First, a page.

Thus, it must be asked, should one be surprised to learn that millions of Afghanis, far from glorifying the US-led invasion as a humanitarian intervention, regard this war as a criminal intrusion upon their sovereign homeland that has left behind tens of thousands of decaying human corpses? On the latter point, in what speaks eloquently about the moral poverty of the American intelligentsia, even liberal publications such as the New York Times have not shown the slightest interest in providing careful and transparent reporting on civilian atrocities in Afghanistan. Without trivializing this debate, it is undeniably the case that Afghani life ranks low on the scale of human importance as it is virtually impossible to find an educated Westerner who has the scantiest knowledge of the human impact this war has had on Afghan civilian society.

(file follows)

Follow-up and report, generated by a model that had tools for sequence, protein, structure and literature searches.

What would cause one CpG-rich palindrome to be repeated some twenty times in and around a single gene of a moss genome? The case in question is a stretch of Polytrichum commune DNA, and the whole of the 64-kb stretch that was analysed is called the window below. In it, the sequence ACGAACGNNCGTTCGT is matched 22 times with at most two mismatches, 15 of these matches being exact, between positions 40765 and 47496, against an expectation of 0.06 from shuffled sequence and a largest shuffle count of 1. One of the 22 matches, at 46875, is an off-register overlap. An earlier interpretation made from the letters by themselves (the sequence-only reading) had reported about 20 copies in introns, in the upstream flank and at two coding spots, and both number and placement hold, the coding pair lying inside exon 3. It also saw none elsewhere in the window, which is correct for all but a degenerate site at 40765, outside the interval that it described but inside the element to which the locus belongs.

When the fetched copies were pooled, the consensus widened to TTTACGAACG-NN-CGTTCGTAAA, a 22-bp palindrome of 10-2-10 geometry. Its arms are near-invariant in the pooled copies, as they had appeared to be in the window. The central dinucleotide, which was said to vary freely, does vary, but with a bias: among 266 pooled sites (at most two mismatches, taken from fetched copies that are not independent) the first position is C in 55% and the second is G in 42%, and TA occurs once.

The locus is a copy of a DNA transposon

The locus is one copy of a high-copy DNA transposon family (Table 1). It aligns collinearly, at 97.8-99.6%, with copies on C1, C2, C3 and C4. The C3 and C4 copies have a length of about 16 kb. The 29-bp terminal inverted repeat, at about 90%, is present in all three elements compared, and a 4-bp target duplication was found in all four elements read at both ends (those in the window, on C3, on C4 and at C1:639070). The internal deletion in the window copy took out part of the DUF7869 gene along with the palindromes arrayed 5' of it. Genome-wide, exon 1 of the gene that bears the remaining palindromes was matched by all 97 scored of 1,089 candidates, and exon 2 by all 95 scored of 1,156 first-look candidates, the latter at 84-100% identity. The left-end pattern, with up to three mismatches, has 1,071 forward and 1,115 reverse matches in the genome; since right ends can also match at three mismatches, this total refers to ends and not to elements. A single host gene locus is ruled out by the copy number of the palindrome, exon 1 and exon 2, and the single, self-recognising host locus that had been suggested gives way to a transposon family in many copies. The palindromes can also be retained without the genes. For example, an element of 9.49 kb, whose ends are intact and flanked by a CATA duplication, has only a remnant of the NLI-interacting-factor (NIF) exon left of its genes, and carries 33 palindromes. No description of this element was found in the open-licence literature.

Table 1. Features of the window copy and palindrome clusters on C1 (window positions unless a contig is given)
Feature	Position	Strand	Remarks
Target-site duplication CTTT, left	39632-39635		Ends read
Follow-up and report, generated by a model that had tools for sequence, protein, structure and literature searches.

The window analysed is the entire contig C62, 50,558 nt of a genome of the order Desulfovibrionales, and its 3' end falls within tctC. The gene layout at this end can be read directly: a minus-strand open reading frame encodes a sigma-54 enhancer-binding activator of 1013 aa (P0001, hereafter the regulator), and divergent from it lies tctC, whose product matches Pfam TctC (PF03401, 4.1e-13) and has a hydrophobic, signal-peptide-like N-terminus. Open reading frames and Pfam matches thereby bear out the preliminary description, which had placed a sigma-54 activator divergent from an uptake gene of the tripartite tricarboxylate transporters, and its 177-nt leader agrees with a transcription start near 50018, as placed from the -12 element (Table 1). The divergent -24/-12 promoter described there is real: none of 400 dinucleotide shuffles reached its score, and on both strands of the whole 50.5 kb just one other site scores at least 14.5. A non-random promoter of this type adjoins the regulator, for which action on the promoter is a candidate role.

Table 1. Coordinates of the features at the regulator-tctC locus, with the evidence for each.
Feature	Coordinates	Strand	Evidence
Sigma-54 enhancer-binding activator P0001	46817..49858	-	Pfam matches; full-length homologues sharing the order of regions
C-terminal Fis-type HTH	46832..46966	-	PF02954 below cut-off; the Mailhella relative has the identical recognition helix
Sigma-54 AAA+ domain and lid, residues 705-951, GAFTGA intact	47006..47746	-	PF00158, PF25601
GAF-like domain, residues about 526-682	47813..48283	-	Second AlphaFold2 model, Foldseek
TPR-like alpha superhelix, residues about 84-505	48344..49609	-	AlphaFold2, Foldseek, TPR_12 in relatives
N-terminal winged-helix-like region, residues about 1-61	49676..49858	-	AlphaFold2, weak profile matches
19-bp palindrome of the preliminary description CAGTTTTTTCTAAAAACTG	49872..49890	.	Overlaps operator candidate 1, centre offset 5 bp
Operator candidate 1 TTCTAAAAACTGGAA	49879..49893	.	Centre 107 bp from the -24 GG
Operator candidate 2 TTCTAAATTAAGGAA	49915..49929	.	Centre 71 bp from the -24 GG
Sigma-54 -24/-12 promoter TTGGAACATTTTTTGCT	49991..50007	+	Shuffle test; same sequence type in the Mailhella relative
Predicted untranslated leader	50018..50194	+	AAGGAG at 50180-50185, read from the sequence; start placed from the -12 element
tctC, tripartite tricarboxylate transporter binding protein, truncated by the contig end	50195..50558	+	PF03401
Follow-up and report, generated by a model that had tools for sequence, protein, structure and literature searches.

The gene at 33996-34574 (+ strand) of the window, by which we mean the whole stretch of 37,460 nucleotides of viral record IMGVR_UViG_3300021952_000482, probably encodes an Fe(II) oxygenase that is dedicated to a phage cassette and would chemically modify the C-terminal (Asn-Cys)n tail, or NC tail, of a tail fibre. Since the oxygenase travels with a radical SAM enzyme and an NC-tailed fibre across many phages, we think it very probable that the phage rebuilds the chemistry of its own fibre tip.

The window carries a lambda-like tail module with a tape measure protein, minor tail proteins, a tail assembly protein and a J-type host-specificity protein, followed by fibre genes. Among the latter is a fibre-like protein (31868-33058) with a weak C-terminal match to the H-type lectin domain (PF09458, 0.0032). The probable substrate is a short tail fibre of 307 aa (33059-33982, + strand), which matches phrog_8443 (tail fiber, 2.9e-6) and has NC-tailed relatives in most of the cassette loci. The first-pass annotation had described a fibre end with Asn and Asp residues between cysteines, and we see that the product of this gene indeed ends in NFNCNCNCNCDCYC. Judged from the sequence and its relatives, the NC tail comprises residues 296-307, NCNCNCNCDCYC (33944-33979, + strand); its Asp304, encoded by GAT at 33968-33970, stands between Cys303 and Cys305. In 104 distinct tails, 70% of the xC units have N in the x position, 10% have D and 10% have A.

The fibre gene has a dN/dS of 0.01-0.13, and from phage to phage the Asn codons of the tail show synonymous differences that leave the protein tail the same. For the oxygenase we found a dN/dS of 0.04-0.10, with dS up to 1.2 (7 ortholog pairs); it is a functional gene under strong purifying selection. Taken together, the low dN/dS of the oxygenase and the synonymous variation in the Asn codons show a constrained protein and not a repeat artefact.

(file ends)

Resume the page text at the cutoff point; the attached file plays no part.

Those few politicians who have come out in articulate opposition to the war have focused almost exclusively on its impact on American soldiers and the US Treasury, not the defenseless victims of the invasion who, in my mind, are most deserving of American, indeed human, sympathy. It must be said that Democrats have shown themselves to be as lacking in moral courage and given to nationalistic hysteria than their Republican counterparts—one ought to be very clear about this fact and remind the American people that there has been a criminal silence from the entire American political establishment regarding the human tragedy this war has precipitated. We are told that any discussion about “collateral damage” will undermine US war efforts; however, what of the tens of thousands of human lives that have been “undermined,” indeed extinguished, by this “humanitarian” effort? Do not the lives of Afghanis constitute an equally compelling moral interest that should be permitted to enter the arena of mainstream debate? Why have the anchors of MSNBC or the editorial board of the New York Times not shown the same regard for Afghani civilian life as they have for American military personnel whose casualties and injuries are reported daily, with meticulous and unfailing accuracy?